House Republicans are expected to vote Thursday on a bill to prevent President Obama from stopping more undocumented immigrant deportations by executive order, as he’s expected to do soon. It may not end up being a big deal in the 2014 elections. But one state illuminates a looming future issue for the GOP.
— As the GOP bashes Obama’s immigration policies and several red-state Democratic senators ask him to be cautious about further action, one battleground Democrat has gone the other way. Sen. Mark Udall (D-CO) announced on a Latino Denver radio station in June that he wanted Obama to push forward with executive immigration action if the House wouldn’t act on immigration reform.
— In the spring of 2013, days after Rep. Cory Gardner (R-CO) initially decided not to run for Senate, Gardner joined most of his party in supporting an amendment to undo Obama’s 2012 “deferred action” DREAM Act-like order. Between then and now, though, Gardner made a move from a safely Republican district to a purple state-wide run, and Udall, Democrats, and immigration activists have been fiercely critical of him on immigration, often citing that old vote.
— By running for the Senate instead of the House, Gardner’s environment has changed in the same way that the country’s will from 2014 to 2016. This election is focused in areas of the country that are far less diverse than average and that Mitt Romney won in 2012, from the Senate battleground to a majority of the House of Representatives. That doesn’t minimize Democrats’ liabilities this year. But it does raise the question, again, of how Republican strategies in the demographically shielded environs of 2014 will affect the party’s presidential prospects in 2014. The House vote on preventing further immigration action by Obama won’t prevent him from taking action, thanks to Senate Democrats (just like the 2013 amendment), but it will increase pressure on 2016 Republicans to join in after Obama does make his move on immigration — before a presidential election when Republicans have acknowledged their need to increase the party’s share of Latino votes.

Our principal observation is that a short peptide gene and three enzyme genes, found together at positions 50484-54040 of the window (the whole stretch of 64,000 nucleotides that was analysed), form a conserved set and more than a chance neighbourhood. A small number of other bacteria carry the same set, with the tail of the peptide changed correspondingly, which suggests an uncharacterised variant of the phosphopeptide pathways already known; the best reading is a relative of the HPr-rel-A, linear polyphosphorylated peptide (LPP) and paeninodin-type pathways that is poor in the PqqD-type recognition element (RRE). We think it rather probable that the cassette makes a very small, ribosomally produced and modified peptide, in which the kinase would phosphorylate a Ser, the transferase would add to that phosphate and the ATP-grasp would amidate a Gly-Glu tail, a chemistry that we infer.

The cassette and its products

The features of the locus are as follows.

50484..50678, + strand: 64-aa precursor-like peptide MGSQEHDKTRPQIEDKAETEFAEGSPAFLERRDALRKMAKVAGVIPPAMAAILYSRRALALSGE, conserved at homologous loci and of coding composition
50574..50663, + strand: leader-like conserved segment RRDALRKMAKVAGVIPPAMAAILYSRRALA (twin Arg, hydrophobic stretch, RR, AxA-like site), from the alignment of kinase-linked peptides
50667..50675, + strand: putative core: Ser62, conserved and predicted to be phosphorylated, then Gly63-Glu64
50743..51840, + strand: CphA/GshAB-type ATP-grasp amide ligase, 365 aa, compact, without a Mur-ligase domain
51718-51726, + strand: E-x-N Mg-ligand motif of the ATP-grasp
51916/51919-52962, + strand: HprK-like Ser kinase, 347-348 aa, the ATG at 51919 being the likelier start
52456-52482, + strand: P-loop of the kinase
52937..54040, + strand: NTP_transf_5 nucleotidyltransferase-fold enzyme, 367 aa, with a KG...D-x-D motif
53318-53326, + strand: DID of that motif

The House immigration vote Thursday may only affect a few races in 2014. But it’s easy to see how it could give Republicans trouble on a different playing field in 2016.
— Scott Bland
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Investigations are never far from the Clintons, and here's another: At the behest of "dozens" of Republican lawmakers, the IRS is opening a fraud investigation into the Clinton Foundation."The move signals a shift from the IRS's announcement last year that it would not look into allegations of financial irregularities at the well-connected charity."
"Bickering commissioners, ineffective managers and lousy internal communication rank among the top reasons why the Federal Election Commission" has some of the worst morale in the federal government. That's the conclusion of an inspector general's report, which put "the most blame on the FEC’s six commissioners: three Democratic appointees and three Republican appointees who have regularly criticized one another and frequently (but not exclusively) deadlocked on high-profile political issues before them."
On Tuesday, Dennis Williams, the president of the United Auto Workers, said that Hillary Clinton has told him that she will renegotiate the North American Free Trade Agreement if elected president. Trade deals, especially NAFTA, have played a prominent role in the campaign, with Clinton receiving heat both from her Democratic rival Bernie Sanders and GOP nominee Donald Trump. The Clinton campaign did not comment on Williams's comments, though that didn't stop the Trump campaign from weighing in. Hillary Clinton "will never renegotiate Bill Clinton's NAFTA," said Stephen Miller, senior policy adviser to Trump.
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